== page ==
Many of these glazes were devised in imitation of oriental prototypes and they signify a change in taste in oriental ceramics. The elaborate figurative decoration of later periods was renounced in favour of the early Sung and Ming wares where beautiful simple shapes were glazed all over in one colour. The glaze itself would contain great subtleties with contrasting reflections or delicate shadings. Although most studio pottery is quite recognisably of the twentieth century a number of potters were heavily influenced by these wares. Reginald Wells, for example, developed bright turquoise blue colours with flashes of pink emulating a chun glaze. The forms were also of an oriental type and his pots were sold with carved oriental wooden stands.
Charles and Nell Vyse had three quite distinct sides to their business. On the one side Charles modelled his London characters which were enormously popular, their brightly coloured charm finding a ready market in America as well as Britain; on the other, the Vyses developed fine stoneware bowls and vases often in simple oriental shapes and glazed with tenmoku, chun or celadon. The Vyses were friendly with the Greek collector George Eumorfopoulos who, like them, lived in Chelsea and gave them access to his splendid collections of early oriental ceramics. It has to be noted that while Greenslade purchased many fine examples of the oriental-inspired pots there are no examples of Vyse figures in the collection which were no doubt too ‘popular’ for his tastes. In the 1930s they also made a range of more art deco-styled stoneware represented in the collection by the pelican vase.
Of all the potters influenced by the East the work and writings of Bernard Leach become the most significant. The lifelong friendship which was formed in the second decade of the century between Bernard Leach, Shoji Hamada and Kanjiro Kawai was to be the most influential fusion of East and West affecting the direction of ceramics in both Britain and Japan. In the work of these potters, especially Bernard Leach, the theories of the Arts and Crafts Movement became fused with oriental ideas and philosophy. Their influence in Japan was also important in the craft revival known as Mingei, led by their philosopher friend Soetsu Yanagi. The ceramics that inspired them are not the sophisticated wares but the traditional folk ceramics of Japan. In the early years at least, the ideal of producing hand-crafted domestic ware was important rather than one-off wares for display on the mantelpiece.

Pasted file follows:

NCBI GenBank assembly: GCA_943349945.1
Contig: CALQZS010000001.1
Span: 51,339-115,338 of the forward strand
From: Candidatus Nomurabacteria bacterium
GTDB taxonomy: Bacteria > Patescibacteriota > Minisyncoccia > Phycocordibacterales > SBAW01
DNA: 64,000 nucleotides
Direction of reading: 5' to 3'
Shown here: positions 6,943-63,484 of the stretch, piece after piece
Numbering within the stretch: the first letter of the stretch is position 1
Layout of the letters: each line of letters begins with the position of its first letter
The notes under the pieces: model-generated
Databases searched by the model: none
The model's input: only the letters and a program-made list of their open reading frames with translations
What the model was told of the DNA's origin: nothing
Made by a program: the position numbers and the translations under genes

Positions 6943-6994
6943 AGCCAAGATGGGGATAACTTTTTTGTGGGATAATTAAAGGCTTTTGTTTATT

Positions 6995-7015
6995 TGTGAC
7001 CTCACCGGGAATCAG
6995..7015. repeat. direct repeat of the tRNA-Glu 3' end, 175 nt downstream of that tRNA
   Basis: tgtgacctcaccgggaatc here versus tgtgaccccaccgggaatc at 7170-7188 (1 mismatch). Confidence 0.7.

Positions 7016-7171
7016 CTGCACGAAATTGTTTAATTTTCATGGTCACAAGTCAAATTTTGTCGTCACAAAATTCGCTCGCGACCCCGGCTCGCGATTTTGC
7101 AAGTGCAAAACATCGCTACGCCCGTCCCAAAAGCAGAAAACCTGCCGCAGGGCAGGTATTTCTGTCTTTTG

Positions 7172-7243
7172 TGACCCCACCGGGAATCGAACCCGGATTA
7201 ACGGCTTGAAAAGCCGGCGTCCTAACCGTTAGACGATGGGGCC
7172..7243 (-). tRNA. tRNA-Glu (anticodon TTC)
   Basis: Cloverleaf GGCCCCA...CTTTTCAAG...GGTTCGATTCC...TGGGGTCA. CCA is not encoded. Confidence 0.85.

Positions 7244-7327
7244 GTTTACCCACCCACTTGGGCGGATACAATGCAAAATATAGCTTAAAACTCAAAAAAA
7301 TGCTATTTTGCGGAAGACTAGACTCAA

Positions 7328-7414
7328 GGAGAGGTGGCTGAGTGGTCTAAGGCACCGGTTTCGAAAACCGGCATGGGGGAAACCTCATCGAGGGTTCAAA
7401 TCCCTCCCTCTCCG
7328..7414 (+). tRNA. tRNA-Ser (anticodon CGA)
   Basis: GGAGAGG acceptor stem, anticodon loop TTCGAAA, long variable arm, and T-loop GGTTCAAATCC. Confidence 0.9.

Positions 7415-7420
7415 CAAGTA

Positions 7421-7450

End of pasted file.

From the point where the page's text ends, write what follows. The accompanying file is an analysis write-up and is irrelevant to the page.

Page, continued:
In 1921 Hamada and Leach went to St Ives where they founded the pottery which was to be the cradle for a number of young potters in the 1920s. Katharine Pleydell-Bouverie and Norah Braden were amongst these and when they set up the pottery at Coleshill it was the ideals behind the oriental tradition that were at the core of the quiet subtlety of their work. Each glaze recipe was carefully recorded in notebooks which reveal all the experiments with different types of wood ash.
Traditional British slipware also became an important source of inspiration for this group. Slipware offers the opportunity to create strong, bold designs which although traditional also appeal to modern taste through their spontaneity and gestural effect. The collection at Aberystwyth contains work by both Hamada and Kawai which demonstrate their enthusiasm for this technique. It is significant that in this period the curators were also collecting fine examples of eighteenth and nineteenth century slipware mainly from Buckley in North Wales.
Michael Cardew began to make slipware after his training with Leach at St Ives. In 1926 he set up Winchcombe Pottery in Gloucestershire. Aberystwyth has one of the finest collections of this work. In 2014 we had a further major acquisition of stoneware pottery by Michael Cardew and pupils when we accepted the Ann Carr Collection of 350 pieces of Wenford Bridge Pottery. These represent Cardew’s later work mainly from the 1960s and 1970s.
The Leach group was always wedded to the production of functional domestic ware, although in fact they produced, especially in the later years, individual pieces for an art market. Other potters however specialised in individualised pots from the start. William Staite Murray gave all his works a title after 1925, exhibiting annually alongside well known modern painters such as Ben Nicolson and pricing his pots at figures of up to one hundred guineas. By so doing he was attempting to upgrade the status of the artist potter as the equal of any fine artist. Such a position has many attendant problems. The issue is still with us today in the ever increasing range of prices that can be paid for a piece of ceramics by a well-known artist.